American Council on Exercise by American Council on Exercise

The advancement of technology has created an opportunity for effective group fitness classes to proliferate online. Though this is a popular option for many consumers, instructors must be aware of a number of legal issues when designing and leading virtual classes. Poorly designed classes, improper instruction and inadequate supervision can leave the instructor potentially liable for injuries sustained by participants.

Insurance Considerations

As part of a good risk-management plan for any physical activity, instructors should retain professional liability insurance that specifically covers fitness-related movements and includes coverage for virtual classes, both for those originating at a gym as well as a private residence.

Any professional liability policy should be supplemented with an umbrella policy that applies to situations where the base insurance policy amount was surpassed. Most umbrella policies provide additional protection in the rare cases that the primary policy limits are exceeded.

If you currently have insurance that does not specifically cover virtual classes, discuss modifying your coverage with your provider. When securing any type of insurance, make sure that the insurance agent fully understands your needs, the fitness industry and applicable laws in various jurisdictions, and can show in the secured policies how your specific professional and personal activities are covered. This is an emerging area of law, as virtual classes could be delivered anywhere, and many insurance policies have not yet been adapted for this reality.


Virtual classes may be delivered asynchronously (i.e., video on demand) or synchronously (i.e., “livestreaming”).

If asynchronous, the session should begin with an on-screen health and liability disclaimer. A sample disclaimer could include language such as:

Any fitness activity can pose some potential risks to health. To reduce and avoid injury, a doctor should be consulted before beginning any exercise program. Be sure that the area within which you will exercise is appropriate for physical exertion. When you utilize [name of instructor’s] videos and/or participate in virtual classes, you are performing exercises at your own risk. [Name of instructor] will not be responsible or liable for any injury or harm you sustain as a result of your participation. If you experience any nausea, shortness of breath, feeling of lightheadedness, irregular heartbeat or other health concerns, cease exercise immediately and seek assistance from a doctor.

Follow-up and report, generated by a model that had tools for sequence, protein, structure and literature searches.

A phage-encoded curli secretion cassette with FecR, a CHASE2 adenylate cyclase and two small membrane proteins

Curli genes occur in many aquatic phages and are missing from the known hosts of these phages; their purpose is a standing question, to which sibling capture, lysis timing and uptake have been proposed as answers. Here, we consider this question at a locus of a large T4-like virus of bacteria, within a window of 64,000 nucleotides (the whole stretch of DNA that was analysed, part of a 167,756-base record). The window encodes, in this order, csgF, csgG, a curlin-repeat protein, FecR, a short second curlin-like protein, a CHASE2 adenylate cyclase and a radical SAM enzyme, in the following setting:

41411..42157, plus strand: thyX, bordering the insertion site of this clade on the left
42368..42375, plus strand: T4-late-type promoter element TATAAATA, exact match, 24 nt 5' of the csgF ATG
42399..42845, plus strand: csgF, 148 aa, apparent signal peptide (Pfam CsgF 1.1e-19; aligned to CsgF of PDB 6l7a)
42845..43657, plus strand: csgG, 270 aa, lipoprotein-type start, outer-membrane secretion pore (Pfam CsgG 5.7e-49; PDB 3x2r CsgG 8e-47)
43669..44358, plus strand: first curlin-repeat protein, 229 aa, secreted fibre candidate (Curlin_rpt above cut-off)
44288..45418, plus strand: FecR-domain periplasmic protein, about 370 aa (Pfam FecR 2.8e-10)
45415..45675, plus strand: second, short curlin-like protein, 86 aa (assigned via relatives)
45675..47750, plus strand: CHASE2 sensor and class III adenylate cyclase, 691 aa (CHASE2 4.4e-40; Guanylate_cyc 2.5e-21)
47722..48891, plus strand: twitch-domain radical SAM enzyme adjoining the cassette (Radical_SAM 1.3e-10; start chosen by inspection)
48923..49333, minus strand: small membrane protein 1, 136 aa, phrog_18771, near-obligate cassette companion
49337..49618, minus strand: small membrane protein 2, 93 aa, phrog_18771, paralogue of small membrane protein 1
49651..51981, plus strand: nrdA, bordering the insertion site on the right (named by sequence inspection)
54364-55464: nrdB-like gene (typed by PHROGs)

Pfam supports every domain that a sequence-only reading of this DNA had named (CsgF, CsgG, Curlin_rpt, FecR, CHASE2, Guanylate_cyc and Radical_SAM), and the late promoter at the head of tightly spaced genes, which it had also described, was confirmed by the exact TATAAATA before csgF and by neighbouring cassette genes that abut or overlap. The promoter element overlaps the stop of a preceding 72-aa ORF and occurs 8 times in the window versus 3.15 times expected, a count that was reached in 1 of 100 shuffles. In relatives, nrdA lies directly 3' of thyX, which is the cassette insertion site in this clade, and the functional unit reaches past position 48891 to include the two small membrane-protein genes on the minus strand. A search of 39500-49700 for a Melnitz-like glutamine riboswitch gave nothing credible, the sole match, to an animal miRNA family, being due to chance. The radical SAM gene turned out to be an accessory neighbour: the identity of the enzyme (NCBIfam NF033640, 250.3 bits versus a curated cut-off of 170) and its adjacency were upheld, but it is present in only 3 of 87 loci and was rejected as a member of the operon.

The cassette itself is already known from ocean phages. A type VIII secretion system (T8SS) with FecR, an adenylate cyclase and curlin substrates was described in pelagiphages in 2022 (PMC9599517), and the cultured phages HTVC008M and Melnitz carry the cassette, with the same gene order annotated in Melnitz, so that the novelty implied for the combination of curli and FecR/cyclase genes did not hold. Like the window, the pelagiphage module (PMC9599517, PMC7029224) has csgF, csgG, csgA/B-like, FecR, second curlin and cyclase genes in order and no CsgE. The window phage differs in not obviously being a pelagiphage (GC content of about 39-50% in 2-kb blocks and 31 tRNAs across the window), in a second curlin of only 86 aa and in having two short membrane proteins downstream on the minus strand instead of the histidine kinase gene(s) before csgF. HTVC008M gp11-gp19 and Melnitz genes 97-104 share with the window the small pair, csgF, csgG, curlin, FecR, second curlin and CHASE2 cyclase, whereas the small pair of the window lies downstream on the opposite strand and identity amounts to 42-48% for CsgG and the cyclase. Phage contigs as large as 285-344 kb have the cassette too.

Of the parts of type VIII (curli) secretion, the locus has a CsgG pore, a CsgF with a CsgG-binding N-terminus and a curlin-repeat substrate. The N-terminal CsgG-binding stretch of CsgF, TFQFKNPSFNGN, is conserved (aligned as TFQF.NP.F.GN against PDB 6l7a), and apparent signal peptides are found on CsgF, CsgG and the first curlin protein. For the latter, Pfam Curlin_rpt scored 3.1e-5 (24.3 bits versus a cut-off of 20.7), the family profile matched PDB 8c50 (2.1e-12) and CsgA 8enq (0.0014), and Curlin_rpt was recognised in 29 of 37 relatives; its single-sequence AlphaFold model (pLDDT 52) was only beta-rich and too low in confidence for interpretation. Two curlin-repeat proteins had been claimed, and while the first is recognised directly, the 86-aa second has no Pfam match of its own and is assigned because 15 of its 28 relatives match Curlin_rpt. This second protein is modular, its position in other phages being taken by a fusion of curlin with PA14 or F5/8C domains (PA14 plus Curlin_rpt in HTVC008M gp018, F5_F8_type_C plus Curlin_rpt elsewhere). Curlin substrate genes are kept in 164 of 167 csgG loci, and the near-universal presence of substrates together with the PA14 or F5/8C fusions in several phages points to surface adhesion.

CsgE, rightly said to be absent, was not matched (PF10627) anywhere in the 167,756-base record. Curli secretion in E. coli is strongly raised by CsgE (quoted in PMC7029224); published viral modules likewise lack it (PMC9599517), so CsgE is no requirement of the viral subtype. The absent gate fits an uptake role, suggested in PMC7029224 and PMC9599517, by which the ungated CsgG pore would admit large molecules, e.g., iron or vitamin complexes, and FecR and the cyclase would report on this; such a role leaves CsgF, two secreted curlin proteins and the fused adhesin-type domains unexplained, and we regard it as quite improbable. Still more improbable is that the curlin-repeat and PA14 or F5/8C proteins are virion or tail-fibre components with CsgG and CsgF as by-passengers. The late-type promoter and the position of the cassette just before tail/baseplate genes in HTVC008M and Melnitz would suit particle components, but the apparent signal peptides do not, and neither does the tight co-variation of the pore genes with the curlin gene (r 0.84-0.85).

When a class will be delivered synchronously, similar messaging regarding health and liability should be conveyed to all participants. In an optimal situation, a virtual fitness class will be conducted in such a way where each attendee who participates can sign a disclaimer or agree to terms and conditions before proceeding to the class. That disclaimer should provide similar language to what is presented above.

If it is not possible to provide a disclaimer for every participant to sign or acknowledge receipt of before joining a class, it will be important to provide a verbal disclaimer at the start of the session.

Instructors should always begin each session with clearly expressed comments to everyone who will participate to remember the following:

  • The importance for participants to seek medical clearance before beginning any exercise program
  • The class experience level offered in this session
  • Physical space, equipment and shoes/clothing needed to safely participate in the class, as well as a reminder about proper hydration
  • Safety and well-being are the most important elements of the class

These reminders should not just be “glossed over” as a mere formality or rushed through quickly. They should be emphasized as important, and the instructor should consider creating a script to read at the beginning of each class. In addition to providing this information at the beginning of any class, the instructor should periodically remind participants during the session about the importance of maintaining proper health and safety while participating. This is especially important for sessions that may last longer than 20 minutes and/or may have late arrivals who miss the initial verbal disclaimer. The participants are the ones assuming the risks of participation, but the instructor needs to consistently remind them about best practices to maintain health and safety while participating. While it is certainly important for the instructor to distribute information and provide inspiration, they must also remind participants that it is their responsibility to know their own physical limits.

Group fitness has evolved to incorporate the increased use of technology to deliver instruction remotely. While technology may alter the setting, the importance of understanding and adhering to proper risk-management practices to decrease participant injury and limit instructor liability remains critical. Effective instructors know and adhere to their specific areas of expertise and work diligently to provide a safe environment where participants can maximize their health benefits while minimizing potential instructor liability.

ACE is providing this information for educational purposes to give you general information and understanding, not to provide specific legal advice. This should not be used as a substitute for legal advice. We encourage you to consult with a professional legal advisor in your location.